By Ben Garcia
KUWAIT: Two sisters in Kuwait. Both in their 40s. Both asthmatic. Both hard working, fun-loving, decent and family-oriented. But their lives will diverge dramatically. Only one got the vaccine, the other didn’t have the opportunity. Now one is dead from the virus and one lives to tell the story. Ria, 47 years old and Gemma Lynn, 40 years old were known to all as the Talaro sisters. Ria came to Kuwait in 1995, working first as a domestic helper and later as a sales clerk in a shop. In 2009, she helped her younger sister also come to Kuwait to find work. Both women supported families back in the Philippines.
“I love my sister very much. She is the extended version of my life,” said Ria. “We see each other daily, but we never missed saying ‘I love you’ each day. When she is out somewhere I talked to her through video-call until she comes back, making sure that she will come home safe.” In early June, the sisters who also shared a single room in a flat in Salmiya, both got sick from the coronavirus. Ria had received her first dose of the Pfizer coronavirus vaccine on May 12 through her employer but sister Gemma Lynn hadn’t received hers yet.
“We both experienced the flu and fever at the same time,” said Ria. “We suspected it might be just a simple seasonal flu, so we both took the steaming rituals (locally known in the Philippines as tuob, inhaling steam). But the steam did little to help and the next day, both felt worse so they took a taxi and went to the local government clinic. There they saw a doctor and received only Panadol and were told to go home and rest. But the sisters felt scared so they went to a private clinic to get a swab test and then went back home.
On June 10, they found out they were COVID positive and so they decided to go to Mubarak Hospital. Again they took a taxi, this time from Salmiya to Jabriya.
“I told my sister we better stay in the hospital since both of us are asthmatic,” Ria explained. “I was scared although I got my vaccine because the company arranged it for us.
But I also wanted to get the vaccine ASAP because I have more underlying illnesses like high blood pressure and enlargement of heart. I am taking medicine for that regularly. So I told Gemma Lynn, since we know that we are COVID positive, we better stay in the hospital. So we went as normal patients and we told the doctor about the positive result of the test. The doctor who checked on us that time was relaxed and just told us to go home and isolate from the rest of people in our flat, which we did,” she said.
The next day, however, Ria’s fever rose and they decided to go again to Mubarak Hospital. But on the second visit, the two sisters were again sent home despite Ria’s high fever. Back at home, Ria’s fever subsided but Gemma Lynn started feeling worse. She had a high fever and was having difficulty breathing. So the sisters, for a third time, took a taxi to Mubarak Hospital. This time, they were not turned away and due to the severity of Gemma Lynn’s symptoms, she was admitted.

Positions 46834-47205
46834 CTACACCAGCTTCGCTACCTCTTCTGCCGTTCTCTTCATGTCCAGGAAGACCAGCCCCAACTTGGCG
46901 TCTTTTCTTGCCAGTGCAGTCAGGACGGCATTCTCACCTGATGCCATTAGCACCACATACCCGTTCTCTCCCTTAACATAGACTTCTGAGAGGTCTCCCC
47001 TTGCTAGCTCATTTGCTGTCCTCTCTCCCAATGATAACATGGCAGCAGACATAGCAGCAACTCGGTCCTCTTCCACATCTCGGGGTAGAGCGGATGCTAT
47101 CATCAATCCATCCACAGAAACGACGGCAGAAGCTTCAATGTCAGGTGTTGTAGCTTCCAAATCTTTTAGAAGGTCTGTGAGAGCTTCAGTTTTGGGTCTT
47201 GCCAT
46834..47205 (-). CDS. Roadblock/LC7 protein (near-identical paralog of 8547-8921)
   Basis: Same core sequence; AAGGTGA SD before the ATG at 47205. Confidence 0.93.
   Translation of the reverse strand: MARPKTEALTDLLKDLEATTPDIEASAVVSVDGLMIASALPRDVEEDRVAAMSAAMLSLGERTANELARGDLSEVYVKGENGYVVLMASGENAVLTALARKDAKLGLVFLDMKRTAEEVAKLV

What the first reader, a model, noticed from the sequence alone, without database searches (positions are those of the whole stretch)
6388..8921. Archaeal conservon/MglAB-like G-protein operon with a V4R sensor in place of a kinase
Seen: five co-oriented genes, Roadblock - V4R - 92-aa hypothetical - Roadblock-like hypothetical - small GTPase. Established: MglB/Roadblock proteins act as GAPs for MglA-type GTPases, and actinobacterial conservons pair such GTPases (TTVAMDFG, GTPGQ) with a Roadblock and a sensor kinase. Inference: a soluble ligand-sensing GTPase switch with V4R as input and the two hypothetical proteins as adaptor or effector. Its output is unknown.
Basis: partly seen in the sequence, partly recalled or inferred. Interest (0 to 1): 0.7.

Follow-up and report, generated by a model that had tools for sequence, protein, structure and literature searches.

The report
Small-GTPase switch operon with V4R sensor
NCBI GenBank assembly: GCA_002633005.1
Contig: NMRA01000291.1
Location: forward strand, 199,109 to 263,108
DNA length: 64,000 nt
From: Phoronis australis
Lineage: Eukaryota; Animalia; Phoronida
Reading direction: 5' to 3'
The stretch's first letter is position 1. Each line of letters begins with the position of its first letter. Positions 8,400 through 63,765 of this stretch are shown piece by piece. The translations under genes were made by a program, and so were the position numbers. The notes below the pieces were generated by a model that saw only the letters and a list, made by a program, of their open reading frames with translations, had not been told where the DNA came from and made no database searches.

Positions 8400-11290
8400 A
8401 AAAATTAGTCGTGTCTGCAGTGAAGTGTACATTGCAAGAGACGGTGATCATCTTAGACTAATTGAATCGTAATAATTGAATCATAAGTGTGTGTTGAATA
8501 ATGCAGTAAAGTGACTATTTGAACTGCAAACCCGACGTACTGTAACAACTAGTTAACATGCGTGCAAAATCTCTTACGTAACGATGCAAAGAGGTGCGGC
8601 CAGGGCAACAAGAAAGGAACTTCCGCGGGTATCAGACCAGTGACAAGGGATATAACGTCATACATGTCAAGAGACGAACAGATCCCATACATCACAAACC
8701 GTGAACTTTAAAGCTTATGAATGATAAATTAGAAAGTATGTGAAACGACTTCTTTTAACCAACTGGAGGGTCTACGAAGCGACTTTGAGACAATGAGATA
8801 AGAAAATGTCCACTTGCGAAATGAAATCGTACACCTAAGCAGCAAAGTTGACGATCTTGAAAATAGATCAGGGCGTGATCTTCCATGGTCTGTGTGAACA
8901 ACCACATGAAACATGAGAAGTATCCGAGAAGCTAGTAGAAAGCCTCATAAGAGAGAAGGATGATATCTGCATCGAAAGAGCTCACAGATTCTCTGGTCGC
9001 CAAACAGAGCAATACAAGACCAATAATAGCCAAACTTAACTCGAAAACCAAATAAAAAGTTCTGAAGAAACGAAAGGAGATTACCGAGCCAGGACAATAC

Ria left her sister in the hospital and returned to her apartment. “I went home at nearly 1am. My sister called on her mobile phone and informed me she will be admitted in the emergency room. The last word I heard was that she will not get the access to the phone and in case of any questions she had given my number to her doctor. That night she told me to take a rest. I was thinking she would be discharged the following day, but she was not discharged,” Ria told the Kuwait Times, crying.
“The following day, my sister called. She said she is in the COVID ward of the hospital and she felt a bit better. I was elated at this news,” Ria said. But she could only speak with her sister via phone since visitors are not allowed in the COVID wards. Ria felt certain her sister was on the mend but then on June 19, Gemma Lynn started to deteriorate.
“She said she felt very tired and sick and she could hardly breathe and they were moving her to the ICU,” Ria explained. “I could hear her gasping for breaths. I was worried about her and wanted to visit her, but they don’t allow visitors on ICU, so I only got updates about her from the doctor through the phone. The doctor said she is a fighter and the doctor expected she would recover,” she said.
Sadly, Gemma Lynn did not make it. “On June 27 I got a call from the hospital that my sister was ready to go home, so I was happy going back to the hospital but the happiness turned into sadness when I heard the real news about my sister,” Ria said. “When I arrived in Mubarak, they gave me a discharge report from the doctor saying my sister expired early morning (that same day) due to COVID-19. I was stunned and could not believe it. I was thinking maybe it was just a nightmare. I said my sister is alive and she spoke with me only a day ago. But she was pronounced dead. I just cried and cried,” she said.
“I was allowed to see her for five minutes only for the last time. They had given me a PPE to just see her, in the afternoon, her body was brought to the cemetery for burial,” Ria explained. “Just that fast, she died and until now I cannot believe she’s gone. It was the longest day of my life. Very devastating. I should die first because I have more diseases than my sister,” she told Kuwait Times.
Gemma Lynn leaves behind three children, all of them in the Philippines and studying. “I feel that I owe her everything, especially in raising my only son. I left him with her when he was only few months old because I accepted the job offer as domestic helper to Kuwait in 1995,” Ria recalled. “Now she is gone, and I promised her on her grave that I will take care of her children.
Her eldest is 20 years old, the second is 18 years old and the youngest is 16 years old. They can live without me because they have a supportive father anyways, but I felt I owe her a lot, so I promised I will look after her children until I am alive also,” she concluded.